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The fusion between echinoderm microtubule-associated protein-like 4 (EML4) and anaplastic lymphoma kinase (ALK) has recently been identified in a subset of non-small cell lung cancers (NSCLCs). EML4-ALK is most often detected in never smokers with lung cancer and has unique pathologic features. EML4-ALK is oncogenic both in vitro and in vivo and ALK kinase inhibitors are quite effective in pre-clinical model systems. More recently ALK inhibitors have entered clinical development and remarkably clinical efficacy has been observed in NSCLC patients harbouring EML4-ALK translocations. This review will focus on the biology, clinical characteristics, diagnosis and treatment of EML4-ALK NSCLC.
Non-small cell lung cancer (NSCLC) is a major cause of death worldwide, with most of the patients being diagnosed with disease in advanced stage, when treatment is only palliative1. Chemotherapy represents the standard of care for patients with advanced disease but conventional cytotoxic agents has reached a plateau in terms of efficacy in the last few years, encouraging the investigation of new compounds which target proteins that are selectively expressed and/or that undergo genomic alterations in cancer cells2. In the past several years an increase in the molecular understanding of lung cancer has led to a change in the treatment of the disease. This is highlighted by somatic mutations in EGFR where treatment with an EGFR kinase inhibitor (gefitinib) in EGFR mutant NSCLC patients leads to a superior response rate, a prolonged progression free survival and an improved quality of life compared to cytotoxic chemotherapy3.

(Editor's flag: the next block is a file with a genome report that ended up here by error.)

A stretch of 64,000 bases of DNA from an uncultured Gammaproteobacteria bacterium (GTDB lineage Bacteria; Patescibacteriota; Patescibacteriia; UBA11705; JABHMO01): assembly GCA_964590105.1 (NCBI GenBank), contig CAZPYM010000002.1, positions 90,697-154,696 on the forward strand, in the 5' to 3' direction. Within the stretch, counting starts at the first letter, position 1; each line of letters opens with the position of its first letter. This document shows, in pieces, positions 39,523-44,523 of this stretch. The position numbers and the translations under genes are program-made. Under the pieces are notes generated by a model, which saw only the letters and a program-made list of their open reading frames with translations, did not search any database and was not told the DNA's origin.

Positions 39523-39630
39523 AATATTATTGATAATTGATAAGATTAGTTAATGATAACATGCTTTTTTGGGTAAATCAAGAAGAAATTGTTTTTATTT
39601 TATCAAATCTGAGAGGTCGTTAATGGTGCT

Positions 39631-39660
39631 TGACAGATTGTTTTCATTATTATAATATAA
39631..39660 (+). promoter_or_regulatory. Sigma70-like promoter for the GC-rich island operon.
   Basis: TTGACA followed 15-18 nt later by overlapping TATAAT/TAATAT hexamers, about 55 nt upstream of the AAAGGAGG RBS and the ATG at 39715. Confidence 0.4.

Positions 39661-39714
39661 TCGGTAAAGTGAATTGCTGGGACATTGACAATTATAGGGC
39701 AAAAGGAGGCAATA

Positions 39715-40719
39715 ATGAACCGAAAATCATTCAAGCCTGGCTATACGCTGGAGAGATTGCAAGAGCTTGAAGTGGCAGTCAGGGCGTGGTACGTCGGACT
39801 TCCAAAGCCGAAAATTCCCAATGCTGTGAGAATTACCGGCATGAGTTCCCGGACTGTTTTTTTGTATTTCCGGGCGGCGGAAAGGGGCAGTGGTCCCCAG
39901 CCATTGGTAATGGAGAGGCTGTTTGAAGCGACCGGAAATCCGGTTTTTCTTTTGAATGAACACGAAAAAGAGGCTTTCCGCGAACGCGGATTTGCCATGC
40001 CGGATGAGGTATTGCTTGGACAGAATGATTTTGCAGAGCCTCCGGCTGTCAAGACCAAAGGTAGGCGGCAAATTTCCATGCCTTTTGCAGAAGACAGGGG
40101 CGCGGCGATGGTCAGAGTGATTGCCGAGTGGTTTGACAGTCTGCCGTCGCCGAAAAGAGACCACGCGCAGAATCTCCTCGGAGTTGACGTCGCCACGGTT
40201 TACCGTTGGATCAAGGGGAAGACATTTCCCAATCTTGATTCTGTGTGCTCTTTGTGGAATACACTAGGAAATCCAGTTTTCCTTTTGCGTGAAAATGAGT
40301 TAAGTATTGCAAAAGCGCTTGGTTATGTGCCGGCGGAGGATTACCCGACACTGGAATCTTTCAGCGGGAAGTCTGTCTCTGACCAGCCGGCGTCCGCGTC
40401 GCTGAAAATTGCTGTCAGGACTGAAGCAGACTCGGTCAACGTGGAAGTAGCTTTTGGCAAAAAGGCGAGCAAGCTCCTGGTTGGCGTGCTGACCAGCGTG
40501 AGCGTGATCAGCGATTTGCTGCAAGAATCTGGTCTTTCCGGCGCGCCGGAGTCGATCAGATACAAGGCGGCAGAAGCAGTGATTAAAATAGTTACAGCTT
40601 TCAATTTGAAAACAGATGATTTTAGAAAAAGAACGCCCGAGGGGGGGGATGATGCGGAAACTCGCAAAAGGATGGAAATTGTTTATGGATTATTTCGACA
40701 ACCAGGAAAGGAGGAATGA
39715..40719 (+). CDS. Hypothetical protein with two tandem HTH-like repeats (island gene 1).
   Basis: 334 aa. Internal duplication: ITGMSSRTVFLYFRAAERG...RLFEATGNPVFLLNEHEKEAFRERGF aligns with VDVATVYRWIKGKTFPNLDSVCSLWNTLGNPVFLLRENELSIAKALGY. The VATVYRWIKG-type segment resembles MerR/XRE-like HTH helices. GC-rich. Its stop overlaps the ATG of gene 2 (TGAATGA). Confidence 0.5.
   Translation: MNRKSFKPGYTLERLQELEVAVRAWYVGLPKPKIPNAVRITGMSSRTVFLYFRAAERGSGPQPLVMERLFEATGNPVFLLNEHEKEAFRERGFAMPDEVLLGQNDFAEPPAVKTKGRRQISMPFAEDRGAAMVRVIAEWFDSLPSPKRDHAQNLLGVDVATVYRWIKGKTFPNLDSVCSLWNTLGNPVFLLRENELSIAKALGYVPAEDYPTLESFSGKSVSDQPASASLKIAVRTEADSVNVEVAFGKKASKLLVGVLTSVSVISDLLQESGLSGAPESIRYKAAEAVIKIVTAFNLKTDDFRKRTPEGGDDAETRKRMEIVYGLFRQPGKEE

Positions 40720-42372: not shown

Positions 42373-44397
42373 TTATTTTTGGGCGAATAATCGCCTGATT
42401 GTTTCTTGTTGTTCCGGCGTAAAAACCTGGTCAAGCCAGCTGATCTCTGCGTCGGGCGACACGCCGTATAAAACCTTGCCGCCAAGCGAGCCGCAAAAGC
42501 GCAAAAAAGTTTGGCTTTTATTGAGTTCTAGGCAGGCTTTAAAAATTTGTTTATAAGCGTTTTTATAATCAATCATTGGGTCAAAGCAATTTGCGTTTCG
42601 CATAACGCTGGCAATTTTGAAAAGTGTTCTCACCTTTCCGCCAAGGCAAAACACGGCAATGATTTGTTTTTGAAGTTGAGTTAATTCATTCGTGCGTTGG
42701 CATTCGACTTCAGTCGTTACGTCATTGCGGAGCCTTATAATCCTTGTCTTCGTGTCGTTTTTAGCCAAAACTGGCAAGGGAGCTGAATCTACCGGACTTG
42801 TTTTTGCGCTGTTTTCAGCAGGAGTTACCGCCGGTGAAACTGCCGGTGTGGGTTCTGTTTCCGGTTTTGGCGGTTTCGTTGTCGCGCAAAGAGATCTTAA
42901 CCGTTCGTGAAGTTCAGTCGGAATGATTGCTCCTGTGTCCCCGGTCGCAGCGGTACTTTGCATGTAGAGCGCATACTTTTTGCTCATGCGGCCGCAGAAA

The fusion of the anaplastic lymphoma kinase (ALK) with the echinoderm microtubule-associated protein-like 4 (EML4) was identified in 2007 in Japanese non-small cell lung cancers (NSCLC) 4. Additional studies, mostly involving East Asian patients, have reported that between 3%–13% of lung tumors harbor EML4-ALK fusions4–11. By extrapolation this would suggest that approximately 5% of all NSCLC cases contain an EML4–ALK translocation, equivalent to over 70,000 patients diagnosed annually worldwide.
Since the ALK tyrosine kinase activity is necessary for its transforming activity and oncogenicity, several ALK kinase inhibitors have been identified and are being evaluated in pre-clinical models in vitro and in vivo as potential clinical therapies7, 12, 13. ALK inhibitors lead to apoptosis in vitro and tumor shrinkage in vivo thus demonstrating the phenomenon of “oncogene addiction” 7. This is further confirmed by the dramatic clinical studies to date. In the phase I trial of PF-02341066, a remarkable 60% radiographic response rate has been observed specifically in EML4-ALK NSCLC patients14. This is a remarkably short period of time from the initial identification of the EML4-ALK translocation as oncogene to validation as a clinical target in NSCLC.
In this reiew, we highlight the clinical, biologic and molecular feature of EML4-ALK NSCLC patients and discuss the use of ALK inhibitors as therapies for this patient population.
EML4-ALK NSCLC occurs most commonly in a unique clinical subgroup of NSCLC patients. These patients share many of the clinical features of NSCLC patients likely to harbour EGFR mutations 10, 15. However, for the most part, apart from rare exceptions, EML4-ALK and EGFR mutations are mutually exclusive6, 7, 10, 12. EML4-ALK translocations tend to occur in younger patients and those with more advanced NSCLC while this relationship has not been reported for EGFR mutant NSCLC6, 11.